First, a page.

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Quality & Safety - Collaborating to improve practice

A column by Maureen Flynn

This month the column focuses on one of the methodologies being used by the HSE National Quality Improvement Programme which is called a ‘Collaborative’. In this column the University of Limerick Hospitals (ULHs) share their experiences. To foster a culture of continuous quality improvement the chief director of nursing and midwifery, in 2013 commissioned a series of three collaboratives (falls prevention, communication in maternity services and avoidable surgical risks).

What is a collaborative?
The Institute for Health Care Improvement (IHI) developed the model for the ‘breakthrough collaborative’ in 1995. Collaboratives provide a structure for interested organisations to easily learn from each other and from recognised experts in topic areas where they want to make an improvement. Collaboratives support the implementation of changes that are known to result in improvements in outcomes and patient experiences. The collaborative places an intentional focus on examining best practices in high risk/ high impact areas such as sepsis or central line infections. Collaboratives range in size from 12 to 160 organisational teams. Each team typically sends three of its members to attend learning sessions (face-to-face meetings over the course of the collaborative). The duration of the collaborative is usually three to four days spread over six to 15 months.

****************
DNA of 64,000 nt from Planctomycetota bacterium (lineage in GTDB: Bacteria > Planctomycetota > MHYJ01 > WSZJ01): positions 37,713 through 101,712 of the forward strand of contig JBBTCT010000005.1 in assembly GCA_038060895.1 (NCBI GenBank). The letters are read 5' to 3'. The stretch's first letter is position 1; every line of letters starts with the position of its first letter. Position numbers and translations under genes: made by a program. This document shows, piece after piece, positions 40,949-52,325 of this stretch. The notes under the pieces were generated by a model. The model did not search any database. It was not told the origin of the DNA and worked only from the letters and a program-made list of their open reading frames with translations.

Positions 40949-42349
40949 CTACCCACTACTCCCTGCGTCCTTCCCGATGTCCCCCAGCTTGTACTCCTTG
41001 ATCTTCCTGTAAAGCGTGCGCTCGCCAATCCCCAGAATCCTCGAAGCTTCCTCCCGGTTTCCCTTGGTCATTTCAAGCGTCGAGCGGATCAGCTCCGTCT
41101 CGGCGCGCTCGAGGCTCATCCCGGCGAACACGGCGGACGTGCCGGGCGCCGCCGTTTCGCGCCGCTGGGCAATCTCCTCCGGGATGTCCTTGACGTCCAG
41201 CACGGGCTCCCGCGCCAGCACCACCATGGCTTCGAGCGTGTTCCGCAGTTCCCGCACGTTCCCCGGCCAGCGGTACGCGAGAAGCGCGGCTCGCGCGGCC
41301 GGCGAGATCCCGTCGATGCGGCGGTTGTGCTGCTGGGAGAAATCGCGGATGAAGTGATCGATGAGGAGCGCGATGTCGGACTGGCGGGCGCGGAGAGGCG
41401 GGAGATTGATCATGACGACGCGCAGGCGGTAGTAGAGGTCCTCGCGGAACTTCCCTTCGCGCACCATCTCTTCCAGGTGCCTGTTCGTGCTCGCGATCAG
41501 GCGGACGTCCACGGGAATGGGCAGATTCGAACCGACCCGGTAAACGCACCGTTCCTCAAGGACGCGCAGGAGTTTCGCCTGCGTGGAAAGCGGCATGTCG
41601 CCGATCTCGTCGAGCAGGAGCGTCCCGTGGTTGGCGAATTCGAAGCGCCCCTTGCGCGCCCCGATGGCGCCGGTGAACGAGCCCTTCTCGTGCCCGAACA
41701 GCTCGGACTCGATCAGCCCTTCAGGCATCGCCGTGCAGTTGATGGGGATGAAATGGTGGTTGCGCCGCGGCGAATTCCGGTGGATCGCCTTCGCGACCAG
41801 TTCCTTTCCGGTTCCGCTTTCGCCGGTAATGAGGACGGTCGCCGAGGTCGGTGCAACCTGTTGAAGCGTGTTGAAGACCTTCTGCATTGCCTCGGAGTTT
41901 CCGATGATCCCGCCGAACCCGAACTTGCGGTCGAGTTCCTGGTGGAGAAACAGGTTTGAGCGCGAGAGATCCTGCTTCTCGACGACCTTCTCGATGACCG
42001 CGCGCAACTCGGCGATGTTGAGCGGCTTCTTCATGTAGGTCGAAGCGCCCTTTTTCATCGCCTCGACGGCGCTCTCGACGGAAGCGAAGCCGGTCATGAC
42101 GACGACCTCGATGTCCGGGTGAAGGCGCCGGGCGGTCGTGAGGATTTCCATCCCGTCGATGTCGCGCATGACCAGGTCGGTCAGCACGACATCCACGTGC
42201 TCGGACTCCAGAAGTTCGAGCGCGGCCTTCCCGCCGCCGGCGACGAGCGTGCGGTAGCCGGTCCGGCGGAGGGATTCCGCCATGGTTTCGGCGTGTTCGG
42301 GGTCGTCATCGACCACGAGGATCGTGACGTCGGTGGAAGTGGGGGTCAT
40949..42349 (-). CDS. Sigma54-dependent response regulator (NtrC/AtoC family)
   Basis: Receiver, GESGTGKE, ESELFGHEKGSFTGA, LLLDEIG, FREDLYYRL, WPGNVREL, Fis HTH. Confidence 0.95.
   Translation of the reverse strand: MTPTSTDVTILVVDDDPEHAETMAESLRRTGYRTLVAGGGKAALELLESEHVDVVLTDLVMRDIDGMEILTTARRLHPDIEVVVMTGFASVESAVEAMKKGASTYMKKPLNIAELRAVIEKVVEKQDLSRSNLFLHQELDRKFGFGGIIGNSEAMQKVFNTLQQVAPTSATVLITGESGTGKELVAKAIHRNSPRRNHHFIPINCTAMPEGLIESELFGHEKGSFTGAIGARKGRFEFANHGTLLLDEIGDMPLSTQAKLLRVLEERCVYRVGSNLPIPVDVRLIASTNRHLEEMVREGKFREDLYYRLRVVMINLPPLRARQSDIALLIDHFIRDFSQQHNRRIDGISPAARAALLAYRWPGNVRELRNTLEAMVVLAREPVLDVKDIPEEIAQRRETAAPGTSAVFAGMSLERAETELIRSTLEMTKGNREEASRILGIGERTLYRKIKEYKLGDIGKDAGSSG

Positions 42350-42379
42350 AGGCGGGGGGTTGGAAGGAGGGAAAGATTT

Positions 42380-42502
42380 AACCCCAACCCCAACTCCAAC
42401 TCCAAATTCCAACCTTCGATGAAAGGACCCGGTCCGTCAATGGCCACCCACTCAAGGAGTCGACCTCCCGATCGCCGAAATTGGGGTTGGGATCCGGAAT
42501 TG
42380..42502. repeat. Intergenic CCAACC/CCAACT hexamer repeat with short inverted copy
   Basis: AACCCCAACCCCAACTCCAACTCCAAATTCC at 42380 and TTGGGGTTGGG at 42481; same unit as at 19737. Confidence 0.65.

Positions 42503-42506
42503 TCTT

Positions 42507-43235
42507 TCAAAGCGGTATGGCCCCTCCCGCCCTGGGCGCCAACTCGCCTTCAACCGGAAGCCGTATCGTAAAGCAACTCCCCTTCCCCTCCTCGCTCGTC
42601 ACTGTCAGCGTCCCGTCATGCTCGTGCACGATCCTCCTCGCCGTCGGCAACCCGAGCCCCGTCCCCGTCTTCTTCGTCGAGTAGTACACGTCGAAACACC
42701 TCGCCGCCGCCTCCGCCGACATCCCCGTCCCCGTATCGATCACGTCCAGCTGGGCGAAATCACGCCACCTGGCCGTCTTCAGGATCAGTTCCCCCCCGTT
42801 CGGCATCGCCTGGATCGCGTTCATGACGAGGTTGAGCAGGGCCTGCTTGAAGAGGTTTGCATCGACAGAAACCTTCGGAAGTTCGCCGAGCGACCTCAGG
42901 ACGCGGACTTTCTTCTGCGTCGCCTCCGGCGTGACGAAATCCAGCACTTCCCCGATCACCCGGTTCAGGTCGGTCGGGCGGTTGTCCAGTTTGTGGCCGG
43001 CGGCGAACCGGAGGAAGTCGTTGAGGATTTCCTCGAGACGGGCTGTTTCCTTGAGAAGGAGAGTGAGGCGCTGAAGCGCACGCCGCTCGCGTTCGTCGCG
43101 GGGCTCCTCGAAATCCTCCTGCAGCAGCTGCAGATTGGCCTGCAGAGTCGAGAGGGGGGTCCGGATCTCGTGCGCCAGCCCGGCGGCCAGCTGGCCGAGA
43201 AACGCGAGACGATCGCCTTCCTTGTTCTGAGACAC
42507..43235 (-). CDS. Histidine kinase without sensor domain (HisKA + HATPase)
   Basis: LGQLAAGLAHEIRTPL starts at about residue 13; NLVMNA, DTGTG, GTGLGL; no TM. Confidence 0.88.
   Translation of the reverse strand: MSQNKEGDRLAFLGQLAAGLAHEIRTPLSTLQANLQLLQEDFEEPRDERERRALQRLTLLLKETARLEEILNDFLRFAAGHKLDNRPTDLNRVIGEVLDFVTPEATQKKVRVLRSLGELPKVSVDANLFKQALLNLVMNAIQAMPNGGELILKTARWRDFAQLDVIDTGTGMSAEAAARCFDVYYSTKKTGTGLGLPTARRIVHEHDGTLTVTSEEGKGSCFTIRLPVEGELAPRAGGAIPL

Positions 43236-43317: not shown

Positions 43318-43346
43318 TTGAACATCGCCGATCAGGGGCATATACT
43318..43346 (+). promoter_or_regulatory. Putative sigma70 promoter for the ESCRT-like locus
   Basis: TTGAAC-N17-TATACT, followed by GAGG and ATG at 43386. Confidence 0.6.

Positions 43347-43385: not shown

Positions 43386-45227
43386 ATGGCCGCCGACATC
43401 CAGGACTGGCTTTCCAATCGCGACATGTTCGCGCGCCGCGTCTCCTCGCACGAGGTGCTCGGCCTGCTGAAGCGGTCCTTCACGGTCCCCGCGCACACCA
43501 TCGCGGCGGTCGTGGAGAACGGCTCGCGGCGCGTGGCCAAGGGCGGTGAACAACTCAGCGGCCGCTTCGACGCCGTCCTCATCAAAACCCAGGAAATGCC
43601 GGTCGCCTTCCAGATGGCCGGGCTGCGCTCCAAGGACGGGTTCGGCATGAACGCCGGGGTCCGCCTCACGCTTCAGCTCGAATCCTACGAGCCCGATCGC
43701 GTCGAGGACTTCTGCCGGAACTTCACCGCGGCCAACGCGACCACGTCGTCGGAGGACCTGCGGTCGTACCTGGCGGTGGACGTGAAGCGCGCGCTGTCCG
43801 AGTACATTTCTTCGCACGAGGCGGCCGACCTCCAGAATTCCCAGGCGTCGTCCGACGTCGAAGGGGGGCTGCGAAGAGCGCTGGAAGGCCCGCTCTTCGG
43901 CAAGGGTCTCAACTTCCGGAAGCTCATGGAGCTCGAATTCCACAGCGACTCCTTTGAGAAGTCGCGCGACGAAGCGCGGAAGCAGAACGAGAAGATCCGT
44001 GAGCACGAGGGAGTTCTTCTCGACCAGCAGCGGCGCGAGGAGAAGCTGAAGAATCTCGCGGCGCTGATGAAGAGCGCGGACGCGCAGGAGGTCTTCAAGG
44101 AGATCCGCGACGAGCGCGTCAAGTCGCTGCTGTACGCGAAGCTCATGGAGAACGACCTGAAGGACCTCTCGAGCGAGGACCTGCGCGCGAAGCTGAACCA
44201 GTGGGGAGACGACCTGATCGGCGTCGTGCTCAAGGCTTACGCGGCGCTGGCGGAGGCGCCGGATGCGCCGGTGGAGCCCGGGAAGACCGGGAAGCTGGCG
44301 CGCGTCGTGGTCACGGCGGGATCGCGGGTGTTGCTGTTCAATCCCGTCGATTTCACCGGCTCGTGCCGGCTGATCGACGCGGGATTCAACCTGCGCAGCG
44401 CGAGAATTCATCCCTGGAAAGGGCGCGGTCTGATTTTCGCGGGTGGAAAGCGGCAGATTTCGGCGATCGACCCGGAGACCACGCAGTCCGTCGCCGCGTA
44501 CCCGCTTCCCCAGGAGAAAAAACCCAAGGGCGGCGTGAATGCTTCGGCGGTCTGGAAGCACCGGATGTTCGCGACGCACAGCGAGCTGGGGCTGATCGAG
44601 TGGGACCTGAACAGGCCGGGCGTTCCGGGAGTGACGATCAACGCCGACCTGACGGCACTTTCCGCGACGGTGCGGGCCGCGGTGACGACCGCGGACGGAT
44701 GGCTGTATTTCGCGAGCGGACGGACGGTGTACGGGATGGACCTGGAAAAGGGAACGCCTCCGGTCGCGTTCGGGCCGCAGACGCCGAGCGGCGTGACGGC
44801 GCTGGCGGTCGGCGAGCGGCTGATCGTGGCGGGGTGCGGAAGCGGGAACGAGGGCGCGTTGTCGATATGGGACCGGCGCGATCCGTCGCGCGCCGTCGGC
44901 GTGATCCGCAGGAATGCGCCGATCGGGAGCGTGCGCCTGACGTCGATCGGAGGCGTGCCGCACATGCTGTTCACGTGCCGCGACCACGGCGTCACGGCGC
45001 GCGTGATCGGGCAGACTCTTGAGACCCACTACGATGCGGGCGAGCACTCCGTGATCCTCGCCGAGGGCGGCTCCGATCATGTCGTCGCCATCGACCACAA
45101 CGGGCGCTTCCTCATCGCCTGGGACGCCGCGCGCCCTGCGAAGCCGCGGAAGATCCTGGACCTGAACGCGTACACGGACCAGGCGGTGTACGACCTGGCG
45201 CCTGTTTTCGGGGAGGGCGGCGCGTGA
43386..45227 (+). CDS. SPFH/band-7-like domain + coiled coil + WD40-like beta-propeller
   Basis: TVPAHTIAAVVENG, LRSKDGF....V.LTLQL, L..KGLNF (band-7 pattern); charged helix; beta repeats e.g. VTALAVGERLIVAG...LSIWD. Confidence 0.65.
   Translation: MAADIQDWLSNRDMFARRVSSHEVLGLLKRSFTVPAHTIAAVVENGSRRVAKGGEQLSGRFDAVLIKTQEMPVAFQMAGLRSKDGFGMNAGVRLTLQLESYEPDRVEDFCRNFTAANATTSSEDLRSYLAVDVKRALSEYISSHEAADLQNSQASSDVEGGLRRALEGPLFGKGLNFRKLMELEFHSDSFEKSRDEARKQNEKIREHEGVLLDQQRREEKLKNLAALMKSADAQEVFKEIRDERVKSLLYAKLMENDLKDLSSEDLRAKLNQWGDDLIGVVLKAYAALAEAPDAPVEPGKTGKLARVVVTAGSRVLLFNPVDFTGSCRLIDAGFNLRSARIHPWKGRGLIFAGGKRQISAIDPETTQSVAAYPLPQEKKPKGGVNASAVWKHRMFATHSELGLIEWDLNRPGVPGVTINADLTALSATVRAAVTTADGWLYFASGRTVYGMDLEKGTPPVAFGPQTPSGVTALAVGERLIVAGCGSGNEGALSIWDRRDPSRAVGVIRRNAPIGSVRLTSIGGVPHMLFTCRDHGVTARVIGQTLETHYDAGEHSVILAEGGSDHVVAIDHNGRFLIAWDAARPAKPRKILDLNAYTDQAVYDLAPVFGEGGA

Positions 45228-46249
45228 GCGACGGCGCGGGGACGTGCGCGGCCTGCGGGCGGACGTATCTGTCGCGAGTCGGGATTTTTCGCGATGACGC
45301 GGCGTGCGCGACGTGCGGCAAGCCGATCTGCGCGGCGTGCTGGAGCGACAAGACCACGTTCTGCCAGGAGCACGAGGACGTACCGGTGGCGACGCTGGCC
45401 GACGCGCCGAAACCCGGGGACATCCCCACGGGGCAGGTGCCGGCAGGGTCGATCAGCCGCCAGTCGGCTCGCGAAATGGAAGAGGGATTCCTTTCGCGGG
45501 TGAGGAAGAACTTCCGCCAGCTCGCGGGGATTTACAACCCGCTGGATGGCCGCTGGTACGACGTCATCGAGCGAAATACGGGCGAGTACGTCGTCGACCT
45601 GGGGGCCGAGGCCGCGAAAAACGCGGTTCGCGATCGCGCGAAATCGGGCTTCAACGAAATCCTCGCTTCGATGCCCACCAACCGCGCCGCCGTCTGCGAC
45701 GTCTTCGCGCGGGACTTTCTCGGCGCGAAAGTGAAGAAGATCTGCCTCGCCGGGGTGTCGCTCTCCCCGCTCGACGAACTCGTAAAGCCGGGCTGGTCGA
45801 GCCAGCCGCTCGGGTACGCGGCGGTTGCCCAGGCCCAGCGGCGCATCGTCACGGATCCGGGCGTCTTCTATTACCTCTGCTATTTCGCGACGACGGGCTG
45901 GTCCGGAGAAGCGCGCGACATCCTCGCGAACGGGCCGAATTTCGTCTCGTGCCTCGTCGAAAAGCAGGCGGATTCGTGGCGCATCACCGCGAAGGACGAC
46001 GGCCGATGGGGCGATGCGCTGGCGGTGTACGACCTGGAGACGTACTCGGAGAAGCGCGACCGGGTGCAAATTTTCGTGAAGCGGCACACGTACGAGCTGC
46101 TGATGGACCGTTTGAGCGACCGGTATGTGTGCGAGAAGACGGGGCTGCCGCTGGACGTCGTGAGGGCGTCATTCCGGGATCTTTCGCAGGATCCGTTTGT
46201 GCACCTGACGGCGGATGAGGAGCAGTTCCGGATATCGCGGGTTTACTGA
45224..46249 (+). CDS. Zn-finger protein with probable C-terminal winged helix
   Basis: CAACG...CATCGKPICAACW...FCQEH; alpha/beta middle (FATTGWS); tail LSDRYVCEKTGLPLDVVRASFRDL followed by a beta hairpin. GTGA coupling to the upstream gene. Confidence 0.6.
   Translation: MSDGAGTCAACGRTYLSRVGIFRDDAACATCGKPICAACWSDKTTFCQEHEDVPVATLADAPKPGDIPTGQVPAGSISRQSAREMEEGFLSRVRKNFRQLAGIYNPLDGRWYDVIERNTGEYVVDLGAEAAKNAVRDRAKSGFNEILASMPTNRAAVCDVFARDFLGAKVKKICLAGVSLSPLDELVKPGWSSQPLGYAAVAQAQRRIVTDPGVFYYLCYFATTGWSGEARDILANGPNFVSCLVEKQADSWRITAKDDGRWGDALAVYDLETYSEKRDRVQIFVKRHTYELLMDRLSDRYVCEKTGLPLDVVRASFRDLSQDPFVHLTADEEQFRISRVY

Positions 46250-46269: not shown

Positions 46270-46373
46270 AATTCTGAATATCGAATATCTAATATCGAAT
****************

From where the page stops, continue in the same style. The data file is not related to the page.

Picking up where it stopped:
Model for improvement
In March 2014, the Medicine Directorate, ULHs celebrated the completion of the first collaborative that had focused on falls prevention. For this collaborative, Directorate teams used the Plan-Do- Study-Act (PDSA) cycle to test, refine and implement fall prevention strategies.

These strategies include:

  • The use of standardised screening and assessment tools
  • Visual prompts to identify a person who is a high risk of falling (star magnet to heighten awareness, that is, ‘catch a falling star’)